A few weeks ago we submitted comments to the Office of Management and Budget’s (OMB) draft federal source code policy. The purpose of the policy is to improve access to custom software code developed for the federal government, and would require that:
(1) New custom code whose development is paid for by the Federal Government be made available for re-use across Federal agencies; and
(2) a portion of that new custom code be released to the public as Open Source Software.
We provided feedback on a few different areas of the proposed policy.
First, we suggested that software developed by U.S. government employees should be clearly marked as being in the public domain not only in the United States, but worldwide, and as a matter of both copyright and patent rights. Under U.S. copyright law, works created by employees of the federal government are not subject to copyright protection in the United States. But what about foreign copyrights? Clearly, this custom code produced by government employees—thus in the public domain in the U.S.—could be equally as useful to developers outside of the U.S. There is no indication that the U.S. government has wishes to enforce its copyright abroad, but rather allows and even encourages the worldwide public to reuse its works freely, including software.
We said that software created by federal government employees should be released under the CC0 Public Domain Dedication, which waives any copyright that might apply, accompanied by a standard non-assertion pledge (“nonassert”) that indicates that the U.S. government will not to seek to enforce patent rights it may have against reusers of the software.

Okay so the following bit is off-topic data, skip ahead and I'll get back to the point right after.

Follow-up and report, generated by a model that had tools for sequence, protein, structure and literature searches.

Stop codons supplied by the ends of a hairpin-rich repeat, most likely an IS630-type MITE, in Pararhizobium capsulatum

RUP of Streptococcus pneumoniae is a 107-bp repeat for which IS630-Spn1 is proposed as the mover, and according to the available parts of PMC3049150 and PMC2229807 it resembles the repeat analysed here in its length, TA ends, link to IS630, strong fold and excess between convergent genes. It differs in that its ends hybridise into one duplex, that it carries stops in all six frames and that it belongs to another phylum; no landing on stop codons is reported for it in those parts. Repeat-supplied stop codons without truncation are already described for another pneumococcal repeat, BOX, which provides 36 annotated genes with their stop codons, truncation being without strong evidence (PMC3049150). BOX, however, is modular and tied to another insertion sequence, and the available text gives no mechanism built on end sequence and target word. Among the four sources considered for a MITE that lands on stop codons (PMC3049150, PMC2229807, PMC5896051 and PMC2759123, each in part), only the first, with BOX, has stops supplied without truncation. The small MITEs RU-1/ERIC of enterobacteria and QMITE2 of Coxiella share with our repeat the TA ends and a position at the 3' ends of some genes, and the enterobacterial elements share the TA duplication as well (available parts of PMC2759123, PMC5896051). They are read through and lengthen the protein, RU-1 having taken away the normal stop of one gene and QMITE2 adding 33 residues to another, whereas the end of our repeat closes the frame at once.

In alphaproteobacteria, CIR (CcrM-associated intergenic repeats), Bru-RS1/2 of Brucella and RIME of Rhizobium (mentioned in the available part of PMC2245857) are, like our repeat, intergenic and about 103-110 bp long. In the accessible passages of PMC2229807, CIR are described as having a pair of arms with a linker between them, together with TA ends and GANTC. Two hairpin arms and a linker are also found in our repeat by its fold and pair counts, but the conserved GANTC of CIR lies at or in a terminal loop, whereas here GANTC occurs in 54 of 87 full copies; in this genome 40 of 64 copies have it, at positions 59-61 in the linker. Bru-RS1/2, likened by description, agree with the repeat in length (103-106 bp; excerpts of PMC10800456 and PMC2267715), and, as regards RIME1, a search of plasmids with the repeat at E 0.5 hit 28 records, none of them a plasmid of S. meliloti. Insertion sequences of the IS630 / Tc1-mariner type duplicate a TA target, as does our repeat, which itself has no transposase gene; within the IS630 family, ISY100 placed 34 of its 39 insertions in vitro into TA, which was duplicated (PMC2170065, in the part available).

Second, we proposed that software funded by the federal government but developed by third party vendors should be released under free/open source software licenses that permit the greatest levels of freedom for reuse with the least number of restrictions. This will ensure that the public is granted rights to freely use, share, and build upon custom software code developed using public funds.
Third, we urged the federal government to consider setting a policy of “open by default” for custom software developed by third parties. Right now, the draft policy requires each covered agency to release at least 20% of its newly-developed custom code each year as open source software.
Finally, we urged the U.S. government to extending its open source licensing policy to the outputs of Federal grants and cooperative agreements. We discussed a precedent that support the adoption of a default open licensing policy for software—even for grants and cooperative agreements. In 2011, the U.S. Department of Labor (DOL) adopted an open licensing policy for the outputs of its $2 billion Trade Adjustment Assistance Community College and Career Training Grants Program. As a condition of the receipt of a grant under this program, grantees are required to license to the public all digital content created with the support of the grant under a Creative Commons Attribution 4.0 (CC BY) license. In addition to content such as digital education and training resources, DOL requires that all computer software source code developed or created with grant funds must be released under an open license acceptable to either the Free Software Foundation and/or the Open Source Initiative. DOL adopted this open licensing policy “to ensure that the Federal investment of these funds has as broad an impact as possible and to encourage innovation in the development of new learning materials.” As of December 2015, the Department of Labor has adopted a department-wide open licensing policy, which covers all intellectual property developed under a competitive Federal award process.
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